Agency: Cordis | Branch: H2020 | Program: MSCA-ITN-EID | Phase: MSCA-ITN-2014-EID | Award Amount: 2.79M | Year: 2015
In BIOCASCADES, nine early-stage researchers (ESRs) will investigate the development of sustainable (chemo)enzymatic cascade reactions under the green chemistry philosophy. The proposed BIOCASCADES project combines different techniques such as compartmentalization, protein engineering and reaction engineering in order to develop commercially viable and environmentally benign one pot reactions. By avoiding intermediate downstream- and purification-steps, cascade reactions minimize production costs, energy demand and waste production and are thus expected to make a major contribution for the development of sustainable and efficient production processes. Small- and medium sized enterprises (SMEs) are emerging as main drivers of European Research. They are dynamic, explore new areas and create new ideas, while large companies rely more and more on outsourcing research or involving SMEs by joint ventures. However, small companies are not strong enough as stand-alone enterprises, which requires them to form networks with other SMEs and academia. This creates a strong demand for young researchers who can move freely in an international and interdisciplinary environment. In a tailor-made training program BIOCASCADES aims to provide the nine early stage researchers with specific scientific and transferable skills for careers in the highly dynamic European biotechnology sector. Training at leading laboratories of biocatalysis will develop their scientific skills, while secondments to the industry and specific workshops will develop their entrepreneurship. The graduates of this doctorate program will be highly qualified for collaborative research between European academia and industry. The consortium is formed by leading academic laboratories from biocatalysis and protein engineering together with a network of four innovative biotech companies. By combining their versatile expertise, the consortium can achieve a success that would not be possible in isolated projects.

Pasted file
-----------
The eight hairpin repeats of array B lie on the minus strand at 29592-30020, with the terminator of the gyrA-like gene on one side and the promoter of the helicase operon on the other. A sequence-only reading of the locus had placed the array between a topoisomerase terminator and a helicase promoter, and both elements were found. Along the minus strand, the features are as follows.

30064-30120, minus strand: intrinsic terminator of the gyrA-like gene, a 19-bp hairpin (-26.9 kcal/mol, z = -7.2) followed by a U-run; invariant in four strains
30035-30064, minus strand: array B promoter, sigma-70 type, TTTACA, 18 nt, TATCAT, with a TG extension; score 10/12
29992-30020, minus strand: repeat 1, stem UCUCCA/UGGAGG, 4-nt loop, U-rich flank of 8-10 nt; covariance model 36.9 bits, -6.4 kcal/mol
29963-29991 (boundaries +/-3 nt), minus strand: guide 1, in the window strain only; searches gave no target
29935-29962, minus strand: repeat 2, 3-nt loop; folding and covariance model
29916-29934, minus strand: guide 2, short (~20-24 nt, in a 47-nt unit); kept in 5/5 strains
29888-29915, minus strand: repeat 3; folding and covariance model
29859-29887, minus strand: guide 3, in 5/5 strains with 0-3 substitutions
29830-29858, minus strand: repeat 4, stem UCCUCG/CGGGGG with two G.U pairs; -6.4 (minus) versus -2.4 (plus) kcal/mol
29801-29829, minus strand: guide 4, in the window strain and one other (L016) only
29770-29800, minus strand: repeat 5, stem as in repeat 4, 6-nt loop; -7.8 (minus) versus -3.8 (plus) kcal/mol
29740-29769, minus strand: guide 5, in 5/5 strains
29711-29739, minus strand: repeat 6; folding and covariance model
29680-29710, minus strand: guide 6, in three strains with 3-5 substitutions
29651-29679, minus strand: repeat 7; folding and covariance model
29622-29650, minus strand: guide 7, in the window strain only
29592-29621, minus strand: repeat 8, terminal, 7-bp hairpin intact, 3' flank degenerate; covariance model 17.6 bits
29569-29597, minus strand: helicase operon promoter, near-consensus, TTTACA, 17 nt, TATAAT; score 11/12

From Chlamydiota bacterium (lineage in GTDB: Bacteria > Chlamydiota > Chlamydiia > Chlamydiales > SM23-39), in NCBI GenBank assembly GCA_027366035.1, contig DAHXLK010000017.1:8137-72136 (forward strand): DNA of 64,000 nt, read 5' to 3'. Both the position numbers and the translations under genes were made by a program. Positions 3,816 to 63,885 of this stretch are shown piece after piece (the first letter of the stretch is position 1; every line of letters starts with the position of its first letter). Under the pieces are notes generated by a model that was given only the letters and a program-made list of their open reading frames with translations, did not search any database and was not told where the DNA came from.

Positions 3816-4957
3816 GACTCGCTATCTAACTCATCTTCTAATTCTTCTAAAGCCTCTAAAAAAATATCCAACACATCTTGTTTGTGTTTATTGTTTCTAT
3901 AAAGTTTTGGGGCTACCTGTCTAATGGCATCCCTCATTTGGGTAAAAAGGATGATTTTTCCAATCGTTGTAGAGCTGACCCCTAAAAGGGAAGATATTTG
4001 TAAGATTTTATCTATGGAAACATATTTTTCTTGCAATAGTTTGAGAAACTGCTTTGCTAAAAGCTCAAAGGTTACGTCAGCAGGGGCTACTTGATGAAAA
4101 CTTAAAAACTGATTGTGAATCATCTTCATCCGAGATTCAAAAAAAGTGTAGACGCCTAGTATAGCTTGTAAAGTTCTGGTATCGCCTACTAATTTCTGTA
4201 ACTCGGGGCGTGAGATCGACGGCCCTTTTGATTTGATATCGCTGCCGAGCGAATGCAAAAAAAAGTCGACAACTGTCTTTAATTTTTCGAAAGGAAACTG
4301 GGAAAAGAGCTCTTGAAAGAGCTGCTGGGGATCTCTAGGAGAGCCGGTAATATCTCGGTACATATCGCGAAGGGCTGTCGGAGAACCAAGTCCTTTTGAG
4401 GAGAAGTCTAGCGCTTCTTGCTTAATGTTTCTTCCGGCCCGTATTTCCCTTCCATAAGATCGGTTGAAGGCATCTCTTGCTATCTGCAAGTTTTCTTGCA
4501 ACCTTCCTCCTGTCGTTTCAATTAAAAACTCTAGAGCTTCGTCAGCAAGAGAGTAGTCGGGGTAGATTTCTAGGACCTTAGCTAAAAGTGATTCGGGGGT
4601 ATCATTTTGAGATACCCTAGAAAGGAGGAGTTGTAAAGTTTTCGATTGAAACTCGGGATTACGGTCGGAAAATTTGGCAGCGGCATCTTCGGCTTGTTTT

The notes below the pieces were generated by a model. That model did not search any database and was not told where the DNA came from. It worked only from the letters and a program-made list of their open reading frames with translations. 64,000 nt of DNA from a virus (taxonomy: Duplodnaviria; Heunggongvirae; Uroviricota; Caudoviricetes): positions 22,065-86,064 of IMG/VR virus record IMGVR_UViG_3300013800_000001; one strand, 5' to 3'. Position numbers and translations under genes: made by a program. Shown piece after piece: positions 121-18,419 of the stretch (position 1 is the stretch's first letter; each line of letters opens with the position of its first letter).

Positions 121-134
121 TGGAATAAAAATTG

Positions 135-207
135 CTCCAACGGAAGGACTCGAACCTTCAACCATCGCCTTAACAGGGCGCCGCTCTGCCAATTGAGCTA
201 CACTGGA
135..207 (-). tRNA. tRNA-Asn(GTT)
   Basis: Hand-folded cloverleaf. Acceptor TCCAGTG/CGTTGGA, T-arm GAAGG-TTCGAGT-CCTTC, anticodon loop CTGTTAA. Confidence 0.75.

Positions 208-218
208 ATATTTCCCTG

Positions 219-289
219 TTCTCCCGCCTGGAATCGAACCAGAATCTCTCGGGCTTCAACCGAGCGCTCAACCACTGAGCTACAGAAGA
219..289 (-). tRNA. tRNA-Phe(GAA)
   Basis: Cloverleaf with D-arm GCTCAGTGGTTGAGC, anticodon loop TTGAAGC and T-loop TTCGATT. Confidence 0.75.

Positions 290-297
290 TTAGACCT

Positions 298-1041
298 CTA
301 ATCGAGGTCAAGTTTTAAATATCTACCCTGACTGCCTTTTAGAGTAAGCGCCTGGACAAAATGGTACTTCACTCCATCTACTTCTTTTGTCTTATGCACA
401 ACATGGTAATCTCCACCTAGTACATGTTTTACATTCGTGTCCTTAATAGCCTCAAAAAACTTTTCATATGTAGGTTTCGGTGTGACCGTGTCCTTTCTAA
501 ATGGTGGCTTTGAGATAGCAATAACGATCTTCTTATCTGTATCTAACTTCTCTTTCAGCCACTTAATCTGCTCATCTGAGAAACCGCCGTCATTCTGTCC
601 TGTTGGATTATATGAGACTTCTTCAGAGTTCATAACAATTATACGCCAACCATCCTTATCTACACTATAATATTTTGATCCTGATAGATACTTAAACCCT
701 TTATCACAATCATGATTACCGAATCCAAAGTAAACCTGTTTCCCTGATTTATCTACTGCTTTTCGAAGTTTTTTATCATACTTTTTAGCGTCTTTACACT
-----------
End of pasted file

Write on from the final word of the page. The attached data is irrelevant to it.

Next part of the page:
Agency: Cordis | Branch: FP7 | Program: CP-TP | Phase: KBBE.2013.3.6-02 | Award Amount: 11.33M | Year: 2013
STREPSYNTH aims to set-up a Streptomyces-based new industrial production platform (SNIP) for high value added biomolecules. Streptomyces lividans was chosen as a bacterial host cell because it has been already shown to be highly efficient for the extracellular production of a number of heterologous molecules that vary chemically, has a robust tradition of industrial fermentation and is fully accessible to genetic intervention. To develop SNIP our strategy has two components: first, we will construct a collection of reduced-genome S. lividans strains. This will metabolically streamline the cell and rid it of agents (e.g. proteases) of potential harm to the heterologous polypeptides. Second, we will engineer synthetic parts and cassettes, i.e. reshuffled, rewired and repurposed genetic elements either indigenous to S. lividans or heterologous genes organized in artificial operon clusters. These elements will serve three aims: transcriptional and translational optimization, sophisticated on-demand transcriptional regulation that will provide unique fermentation control and metabolic engineering of complete cellular pathways channeling biomolecules to profuse extracellular secretion. Synthetic parts and cassettes will be either directly incorporated into the genome or be hosted in the form of plasmids. Systems biology tools will guide fine-tuning rounds of cell factory engineering and fermentation optimization. To set up SNIP we chose two classes of biomolecules with obvious immediate industrial value and application: heterologous proteins (industrial enzymes, biopharmaceuticals, biofuel enzymes, diagnostics) and small molecules (lantipeptides and indolocarbozoles) useful for multiple industrial purposes (biopharmaceuticals, additives, food technology, bioenergy). These biomolecules are of immediate interest to SMEs that participate and guide the industrial relevance of STREPSYNTH. SNIP is a modular platform that can be repurposed for diverse future applications.